From the canyons of Wall Street to the shopping strips of Brooklyn, Queens, and the Bronx, New York City's business community is increasingly relying on Business Improvement Districts (BIDs) to enhance the City's economic climate. During Fiscal Year (FY) 1995, property owners and merchants in New York City's 33 BIDs paid assessments on more than 6,000 properties for the provision of supplemental services such as sanitation, security, social services, and marketing. In FY `96, the Sunset Park BID formally began operation. Additionally, 39 other groups throughout the five boroughs have expressed some degree of interest in forming their own BIDs.
Although they are not-for-profit organizations, the establishment of BIDs must be formally approved by elected officials, and thereafter, BIDs rely on many municipal agencies to perform their mission. The New York City Council legislates the creation of every BID, all BIDs execute a contract with the New York City Department of Business Services (DBS), the City agency which supervises and oversees all BIDs, and the New York City Department of Finance (DOF) collects and distributes BID assessments. At a time when their role in New York City public life has never been greater, questions have been raised regarding the accountability and operating practices of BIDs. Among them, how are BID resources being allocated and do BIDs require greater oversight by government?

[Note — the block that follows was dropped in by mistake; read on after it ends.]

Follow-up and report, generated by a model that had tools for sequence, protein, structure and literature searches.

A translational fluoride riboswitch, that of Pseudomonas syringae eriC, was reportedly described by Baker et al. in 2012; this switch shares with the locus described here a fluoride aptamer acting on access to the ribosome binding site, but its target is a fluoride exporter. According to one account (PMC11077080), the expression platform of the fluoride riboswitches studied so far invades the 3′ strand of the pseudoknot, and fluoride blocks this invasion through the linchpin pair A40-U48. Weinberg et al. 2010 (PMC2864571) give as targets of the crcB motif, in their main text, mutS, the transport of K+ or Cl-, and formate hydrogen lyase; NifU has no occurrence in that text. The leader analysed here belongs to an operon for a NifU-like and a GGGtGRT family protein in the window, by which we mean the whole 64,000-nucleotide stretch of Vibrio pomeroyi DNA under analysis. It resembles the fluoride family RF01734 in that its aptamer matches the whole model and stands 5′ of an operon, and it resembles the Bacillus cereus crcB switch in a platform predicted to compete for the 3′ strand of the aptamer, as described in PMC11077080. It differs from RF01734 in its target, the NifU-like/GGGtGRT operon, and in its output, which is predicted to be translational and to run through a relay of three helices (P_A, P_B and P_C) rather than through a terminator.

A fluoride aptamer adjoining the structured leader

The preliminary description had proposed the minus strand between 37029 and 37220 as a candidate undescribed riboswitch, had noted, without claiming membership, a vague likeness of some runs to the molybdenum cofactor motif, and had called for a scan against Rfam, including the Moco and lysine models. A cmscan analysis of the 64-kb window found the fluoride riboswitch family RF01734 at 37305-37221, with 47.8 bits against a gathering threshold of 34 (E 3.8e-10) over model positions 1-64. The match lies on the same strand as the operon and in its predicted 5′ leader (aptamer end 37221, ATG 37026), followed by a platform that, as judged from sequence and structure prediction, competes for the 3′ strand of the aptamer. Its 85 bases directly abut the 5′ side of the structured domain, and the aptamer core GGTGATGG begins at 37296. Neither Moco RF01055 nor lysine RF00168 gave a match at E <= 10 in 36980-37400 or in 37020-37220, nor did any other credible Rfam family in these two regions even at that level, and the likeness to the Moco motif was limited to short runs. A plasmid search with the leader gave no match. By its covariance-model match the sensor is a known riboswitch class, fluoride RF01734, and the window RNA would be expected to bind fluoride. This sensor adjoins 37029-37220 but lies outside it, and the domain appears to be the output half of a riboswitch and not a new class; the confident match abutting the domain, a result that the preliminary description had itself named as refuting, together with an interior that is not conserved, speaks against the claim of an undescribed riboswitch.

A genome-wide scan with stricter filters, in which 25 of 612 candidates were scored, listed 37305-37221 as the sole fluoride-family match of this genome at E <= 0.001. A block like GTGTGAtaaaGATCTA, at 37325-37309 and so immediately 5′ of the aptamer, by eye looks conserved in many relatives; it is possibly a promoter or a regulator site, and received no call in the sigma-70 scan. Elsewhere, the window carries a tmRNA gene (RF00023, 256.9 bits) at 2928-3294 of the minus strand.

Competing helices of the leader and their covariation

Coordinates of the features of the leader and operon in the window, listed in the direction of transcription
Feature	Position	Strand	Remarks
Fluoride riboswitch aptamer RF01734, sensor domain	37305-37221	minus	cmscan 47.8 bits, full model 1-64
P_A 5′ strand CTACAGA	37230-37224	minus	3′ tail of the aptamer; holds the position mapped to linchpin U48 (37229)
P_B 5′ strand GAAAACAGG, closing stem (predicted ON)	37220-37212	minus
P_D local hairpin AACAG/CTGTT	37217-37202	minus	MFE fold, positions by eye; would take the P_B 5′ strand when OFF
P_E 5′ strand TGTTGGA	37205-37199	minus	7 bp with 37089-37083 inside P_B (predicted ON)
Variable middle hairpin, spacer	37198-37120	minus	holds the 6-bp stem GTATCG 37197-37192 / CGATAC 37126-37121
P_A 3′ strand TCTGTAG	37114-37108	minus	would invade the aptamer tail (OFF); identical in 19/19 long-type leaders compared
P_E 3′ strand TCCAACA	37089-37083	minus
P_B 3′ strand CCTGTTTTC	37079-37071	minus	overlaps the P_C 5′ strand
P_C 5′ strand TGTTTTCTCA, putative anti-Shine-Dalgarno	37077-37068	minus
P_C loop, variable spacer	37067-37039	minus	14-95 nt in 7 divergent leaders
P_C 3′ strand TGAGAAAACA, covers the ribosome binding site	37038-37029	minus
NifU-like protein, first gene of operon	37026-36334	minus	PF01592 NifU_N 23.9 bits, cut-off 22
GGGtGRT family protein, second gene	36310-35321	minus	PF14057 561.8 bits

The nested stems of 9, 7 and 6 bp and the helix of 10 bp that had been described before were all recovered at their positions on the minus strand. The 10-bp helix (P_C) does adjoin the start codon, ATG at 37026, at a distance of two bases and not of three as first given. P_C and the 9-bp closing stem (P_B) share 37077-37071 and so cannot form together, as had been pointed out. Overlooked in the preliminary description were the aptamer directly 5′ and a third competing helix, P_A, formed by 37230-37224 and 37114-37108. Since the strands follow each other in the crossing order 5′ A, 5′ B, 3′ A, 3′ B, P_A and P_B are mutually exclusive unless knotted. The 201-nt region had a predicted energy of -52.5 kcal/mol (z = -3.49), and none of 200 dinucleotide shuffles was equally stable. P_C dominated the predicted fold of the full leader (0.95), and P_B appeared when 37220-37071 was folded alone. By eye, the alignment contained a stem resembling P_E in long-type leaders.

In light of the significant role of New York City government in BID operations, the serious questions which have been raised regarding BIDs, and the potential explosion in the number of BIDs throughout the City, in the Spring of 1995 Herbert Berman, Chairman of the City Council's Finance Committee, directed Council staff to conduct a thorough review of BID operations.(1) Specifically, Chairman Berman asked that the BID review include:
- BID dissolution mechanisms;
- complaint resolution processes utilized by the BIDs;
- BID contracting procedures;
- the cost of services;
- the provision by BIDs of services outside of the district; and
- the specific services BIDs provide;
- the provision of social services by BIDs; and
- the adequacy of current BID oversight.
- All BIDs sign contracts with DBS, and under §29 of the New York City Charter, the Council has the authority to investigate,"any matters within its jurisdiction relating to the property, affairs, or government of the City..." See also §30 of the New York City Charter, authorizing the Council to review City procurement policies and procedures. Additionally, the Council is vested with final approval power of all BIDs and in most cases the City Council Members who represent BID districts appoint an individual to serve on the BID board of directors. NYC Admin. Code §§25-407; 25-414(b).